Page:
Dax comes to Worf's quarters to apologize for preventing the completion of the ritual and interfering in a family matter. Worf says that she was following her conscience and that is an honorable motive, but Dax acknowledges that it is not an honorable motive from the Klingon perspective. Dax offers to help in any way she can, and says that in the short-term, Kurn can stay on Deep Space 9. Worf says that if Kurn stays on the station, he will need a job, and Dax suggests security. Although Worf doubts that Kurn would be interested in joining Starfleet, Dax suggests that he try Odo's Bajoran security detail. After reviewing Kurn's service record, Odo asks Worf if his brother knows how to use the "stun" setting on a disruptor. Though Worf admits that non-lethal techniques are not emphasized in Klingon training, Odo nonetheless decides to give Kurn a job as a deputy as a favor to Worf. Odo reminds Worf that he is a man who collects on his debts.
Odo is observing Kurn in a cargo bay as Kurn inspects the cargo of a Boslic freighter that has just arrived at the station. Worf, under the guise of bringing a message to Odo from Starfleet Command, comes to check on how his brother is doing in his new job as a deputy. Odo assures Worf that Kurn is strict, but is doing a fine job. Kurn tells Worf that he hates his uniform, but that he is accepting his transition into the position of Bajoran security officer.
On the Defiant, Kira and O'Brien observe sensor readings that indicate that cloaked ships have passed through the area in the past 24 hours. Just then, another explosion occurs – this time they see it is a Vor'cha-class Klingon cruiser. The cruiser is obviously damaged, and Kira attempts to contact them to see if they need assistance. The Klingons respond that their ship is the IKS Drovana, that they do not require assistance, and that the Defiant should leave the area immediately and not approach their ship. The Drovana then requests access to the Defiant's medical facilities. Kira responds that the Defiant's medical facilities are very limited, but she offers to tow the Klingon ship to Deep Space 9. After briefly conferring with an unknown source, the Klingon ship accepts the offer.
Odo informs Worf via his com badge that Kurn has had a serious accident and that Worf should come to the infirmary immediately. Odo tells Worf that Kurn discovered a container of contraband on a Boslic freighter, and when he confronted the Boslic captain about it, Kurn allowed himself to be shot by the captain's disruptor, even though Kurn could easily have disarmed him. Odo states that a security officer with a death wish is a safety hazard for the entire station, and informs Worf that Kurn is relieved. Bashir tells Worf that Kurn should make a full recovery, again, and asks Worf if he would like to see him. Worf confronts Kurn about what happened, but Kurn's only response is that Worf is the elder brother, and that Kurn will obey whatever Worf tells him to do.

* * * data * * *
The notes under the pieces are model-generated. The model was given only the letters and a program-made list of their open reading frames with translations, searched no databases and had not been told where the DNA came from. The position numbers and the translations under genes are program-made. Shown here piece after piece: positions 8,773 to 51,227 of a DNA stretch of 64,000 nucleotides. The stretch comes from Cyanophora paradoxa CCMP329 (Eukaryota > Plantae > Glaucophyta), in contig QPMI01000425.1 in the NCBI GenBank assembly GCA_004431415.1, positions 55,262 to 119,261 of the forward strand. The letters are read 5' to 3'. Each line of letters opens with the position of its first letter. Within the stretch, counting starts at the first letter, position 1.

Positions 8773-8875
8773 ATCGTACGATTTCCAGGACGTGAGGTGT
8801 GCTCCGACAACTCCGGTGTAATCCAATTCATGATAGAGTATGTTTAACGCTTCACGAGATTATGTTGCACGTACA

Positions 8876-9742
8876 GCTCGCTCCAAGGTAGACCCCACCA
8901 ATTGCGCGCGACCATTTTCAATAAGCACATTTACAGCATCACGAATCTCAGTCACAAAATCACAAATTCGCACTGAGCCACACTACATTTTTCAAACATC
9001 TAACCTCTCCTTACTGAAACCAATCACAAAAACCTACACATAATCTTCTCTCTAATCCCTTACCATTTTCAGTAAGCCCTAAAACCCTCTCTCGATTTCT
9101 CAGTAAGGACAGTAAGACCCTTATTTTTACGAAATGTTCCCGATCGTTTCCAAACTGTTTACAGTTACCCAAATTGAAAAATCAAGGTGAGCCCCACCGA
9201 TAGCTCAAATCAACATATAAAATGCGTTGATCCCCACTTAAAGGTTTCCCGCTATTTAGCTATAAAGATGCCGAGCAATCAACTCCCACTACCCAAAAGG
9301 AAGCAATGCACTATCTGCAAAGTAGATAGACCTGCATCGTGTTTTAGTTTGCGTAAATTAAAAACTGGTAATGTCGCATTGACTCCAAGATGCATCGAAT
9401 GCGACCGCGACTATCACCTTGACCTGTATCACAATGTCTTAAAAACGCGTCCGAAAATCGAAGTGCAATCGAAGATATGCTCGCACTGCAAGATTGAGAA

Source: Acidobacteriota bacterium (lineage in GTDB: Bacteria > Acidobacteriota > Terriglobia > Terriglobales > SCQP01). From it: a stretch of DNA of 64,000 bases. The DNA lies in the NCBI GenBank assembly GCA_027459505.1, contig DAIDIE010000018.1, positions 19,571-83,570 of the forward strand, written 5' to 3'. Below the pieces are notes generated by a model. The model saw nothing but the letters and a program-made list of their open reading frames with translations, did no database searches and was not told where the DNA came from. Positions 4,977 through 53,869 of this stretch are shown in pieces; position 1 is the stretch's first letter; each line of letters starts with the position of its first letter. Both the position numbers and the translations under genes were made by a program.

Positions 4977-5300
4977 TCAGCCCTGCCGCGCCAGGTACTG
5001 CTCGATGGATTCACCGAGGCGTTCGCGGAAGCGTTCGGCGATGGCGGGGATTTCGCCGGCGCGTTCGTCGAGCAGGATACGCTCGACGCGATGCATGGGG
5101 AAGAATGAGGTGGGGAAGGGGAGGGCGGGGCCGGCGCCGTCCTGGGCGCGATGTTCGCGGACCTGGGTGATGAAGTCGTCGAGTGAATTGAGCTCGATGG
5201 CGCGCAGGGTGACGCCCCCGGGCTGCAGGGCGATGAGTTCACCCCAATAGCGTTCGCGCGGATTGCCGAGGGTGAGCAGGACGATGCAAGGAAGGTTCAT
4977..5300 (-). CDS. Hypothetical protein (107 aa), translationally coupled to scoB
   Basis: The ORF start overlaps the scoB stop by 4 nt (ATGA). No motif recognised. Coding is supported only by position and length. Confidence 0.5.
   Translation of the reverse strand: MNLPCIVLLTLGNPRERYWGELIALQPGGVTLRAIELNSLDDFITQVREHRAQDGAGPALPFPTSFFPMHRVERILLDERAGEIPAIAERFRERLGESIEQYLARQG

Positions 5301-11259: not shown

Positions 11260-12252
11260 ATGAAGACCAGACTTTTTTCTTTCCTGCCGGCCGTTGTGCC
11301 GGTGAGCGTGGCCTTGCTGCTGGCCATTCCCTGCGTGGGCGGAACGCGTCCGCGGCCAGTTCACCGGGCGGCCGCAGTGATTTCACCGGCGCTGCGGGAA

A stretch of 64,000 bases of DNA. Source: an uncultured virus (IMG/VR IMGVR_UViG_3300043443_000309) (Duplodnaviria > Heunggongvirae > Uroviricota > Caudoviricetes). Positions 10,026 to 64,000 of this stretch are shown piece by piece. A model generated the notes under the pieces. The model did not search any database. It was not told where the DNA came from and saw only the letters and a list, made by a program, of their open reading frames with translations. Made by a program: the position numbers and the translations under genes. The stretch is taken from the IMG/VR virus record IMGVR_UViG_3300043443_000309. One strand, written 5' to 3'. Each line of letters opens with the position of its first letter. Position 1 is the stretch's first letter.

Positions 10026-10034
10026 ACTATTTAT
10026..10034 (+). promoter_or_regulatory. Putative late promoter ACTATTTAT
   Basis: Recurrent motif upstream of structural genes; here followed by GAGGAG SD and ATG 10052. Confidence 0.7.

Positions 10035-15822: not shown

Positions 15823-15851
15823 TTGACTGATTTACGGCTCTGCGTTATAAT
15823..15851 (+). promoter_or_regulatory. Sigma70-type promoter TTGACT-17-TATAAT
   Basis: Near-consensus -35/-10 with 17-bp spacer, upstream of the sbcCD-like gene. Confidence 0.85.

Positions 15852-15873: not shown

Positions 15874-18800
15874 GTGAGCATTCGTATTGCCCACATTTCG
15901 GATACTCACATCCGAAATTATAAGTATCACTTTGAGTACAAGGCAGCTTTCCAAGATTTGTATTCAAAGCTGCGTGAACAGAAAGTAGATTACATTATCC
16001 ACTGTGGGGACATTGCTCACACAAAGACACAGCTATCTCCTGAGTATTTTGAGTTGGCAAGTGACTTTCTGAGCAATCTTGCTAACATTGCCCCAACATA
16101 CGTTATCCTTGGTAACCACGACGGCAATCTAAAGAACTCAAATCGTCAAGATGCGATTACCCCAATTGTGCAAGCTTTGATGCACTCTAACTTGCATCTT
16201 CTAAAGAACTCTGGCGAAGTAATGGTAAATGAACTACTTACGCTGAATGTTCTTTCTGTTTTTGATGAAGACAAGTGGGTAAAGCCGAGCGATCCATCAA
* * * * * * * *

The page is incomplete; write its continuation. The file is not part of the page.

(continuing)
Doctor Bashir informs the senior staff in the wardroom that none of the injuries from those aboard the Drovona were consistent with the explosion of a starship, and that his best guess is that their ship was hit by a photon torpedo. Dax points out that a torpedo would have left an ion trail, and the Defiant didn't pick up any ion trails in the vicinity of the explosion. Kira adds that the Drovona was cloaked when it exploded, and that even Klingon vessels can't track vessels to aim their torpedoes when they are cloaked. Worf then correctly deduces that the Drovona must have hit a cloaked mine. The rest of the staff worries that, since cloaked mines are untraceable, there could be thousands of undetectable mines in and around the Bajoran system. Bashir comments that mining a system is an act of war, and expresses surprise that the Klingons would take such a risk at this point. Sisko says that they can't yet prove that the mines even exist, but if there is a war, the mines would enable the Klingons to cut off Deep Space 9 and the entire Bajoran system from the rest of the Alpha Quadrant. To find the mines, they would need their exact coordinates. Kira surmises that the Drovona probably has that information on their ship's computer, if only they could get access to them. Worf claims to have an idea how they could get the coordinates.